Ph.D., 1998, Boston College, Theology
M.Div., 1988, Princeton Theological Seminary, Church History
B.A., 1985, Cornell College, Music
- Religions of the West
- Catholic and Protestant Theology
- Religion in America
- Reformation Theology
- Protestant Theology
- Biblical Theology
My research concentrates on four areas. I work on the history of Christian doctrine in the early modern period -roughly the fifteenth to the seventeenth century. Secondly, I study the history of the interpretation of scripture. Thirdly, my work has more and more been drawn into the realm traditionally called political theology. I find the intersection of Christian thought and the organization of communal life not only captivating, but also crucial for human thriving. Finally, I work on understanding the thought of the French reformer of Geneva, John Calvin. Visit my research page for more information on my research projects.
My research examines the history of the Christian church in the early modern period -roughly the fifteenth to the seventeenth century. I have been fascinated by several things about this period. First, this is the period of the Reformations - the time of one of the greatest upheavals in the history of Christianity. The changing theories of the meaning of scripture, the way that believers thought about the Church, and the manners that believers sought salvation provide a timeless attraction for me. Further, the cluster of figures captivates my interest - Martin Luther, Charles V, John Calvin, Henry VIII, Thomas More, and Elizabeth I - such a constellation of powerful minds and wills who have left an indelible stamp on the history of Christianity and on the world's stage.
Secondly, I study the interpretation of scripture. Gerhard Ebeling suggested that the history of the interpretation of the Bible could stand as a representation of the entire history of the Church. While that claim might be too grand, it does capture important truths. Examining the ways that people have looked at the scriptures gives a window into their minds. For instance, why does the interpretation of a single passage change between the time of Augustine of Hippo, who died in 430 CE, and Martin Luther, who died in 1546? Sometimes, the question is the opposite - why do two figures separated by a thousand years agree? Further, the issues around the interpretation of scripture offer up several interesting questions. Who is able to interpret the scriptures? Can laypeople interpret, can women interpret, can groups interpret? Further, what is the authority to interpret the scriptures? When a man or woman claims that "The Bible says...", what power does that claim hold over Christians? I find these questions endlessly enticing.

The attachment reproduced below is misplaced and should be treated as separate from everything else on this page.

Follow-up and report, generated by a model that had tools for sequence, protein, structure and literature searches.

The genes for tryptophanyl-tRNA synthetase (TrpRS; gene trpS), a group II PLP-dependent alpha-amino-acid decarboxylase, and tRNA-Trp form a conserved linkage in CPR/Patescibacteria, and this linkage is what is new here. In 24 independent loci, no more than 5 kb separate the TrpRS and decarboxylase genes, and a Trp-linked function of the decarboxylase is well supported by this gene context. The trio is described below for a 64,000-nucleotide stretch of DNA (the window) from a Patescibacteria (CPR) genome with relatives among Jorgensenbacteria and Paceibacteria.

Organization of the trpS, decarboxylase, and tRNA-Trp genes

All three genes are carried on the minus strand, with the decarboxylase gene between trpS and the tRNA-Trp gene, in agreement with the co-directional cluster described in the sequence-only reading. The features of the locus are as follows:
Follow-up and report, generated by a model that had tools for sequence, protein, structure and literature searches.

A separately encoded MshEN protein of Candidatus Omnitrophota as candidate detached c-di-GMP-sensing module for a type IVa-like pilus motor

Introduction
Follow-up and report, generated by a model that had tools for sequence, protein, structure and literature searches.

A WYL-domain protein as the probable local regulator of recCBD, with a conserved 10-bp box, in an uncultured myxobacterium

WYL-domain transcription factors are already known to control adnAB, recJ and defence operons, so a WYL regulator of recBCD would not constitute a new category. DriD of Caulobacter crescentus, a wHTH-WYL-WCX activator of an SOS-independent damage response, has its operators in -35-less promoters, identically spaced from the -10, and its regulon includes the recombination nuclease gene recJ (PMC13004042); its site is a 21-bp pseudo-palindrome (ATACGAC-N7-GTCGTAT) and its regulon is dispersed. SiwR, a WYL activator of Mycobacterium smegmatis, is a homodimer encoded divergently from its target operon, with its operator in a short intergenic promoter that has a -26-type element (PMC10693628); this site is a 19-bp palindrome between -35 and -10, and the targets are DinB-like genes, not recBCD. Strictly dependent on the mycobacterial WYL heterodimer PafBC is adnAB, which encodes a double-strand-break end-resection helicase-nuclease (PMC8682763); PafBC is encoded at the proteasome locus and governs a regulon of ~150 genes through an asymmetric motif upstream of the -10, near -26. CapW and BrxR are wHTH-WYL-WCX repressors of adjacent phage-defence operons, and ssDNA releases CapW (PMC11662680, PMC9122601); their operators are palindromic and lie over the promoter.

Thirdly, my work has more and more been drawn into the realm traditionally called political theology. I find the intersection of Christian thought and the organization of communal life not only captivating, but also crucial for human thriving. Any number of portrayals of what "Christians" believe are available in the media, from both political analysts as well as from politicians themselves. But frequently, these pictures come fraught with baggage that seeks to coopt the Christian into a human kingdom or group. That denies the lordship of Christ over all aspects of human life. Working to understand this dynamic, and to explore how far Christian believers can be involved in particular political realms, has occupied an increasing share of my own thought.
Finally, I work on the thought of the French reformer of Geneva, John Calvin. I have examined his interpretation of scripture, especially the Pauline epistles. I have considered his ideals of the pastoral task, and how he used Paul's pastoral advice and Paul's own example as a remedy for the pastorate of the sixteenth century. At present, I am investigating how Calvin used the Christian tradition in his own theology, both to critique his own thought and to correct the theology of his contemporaries.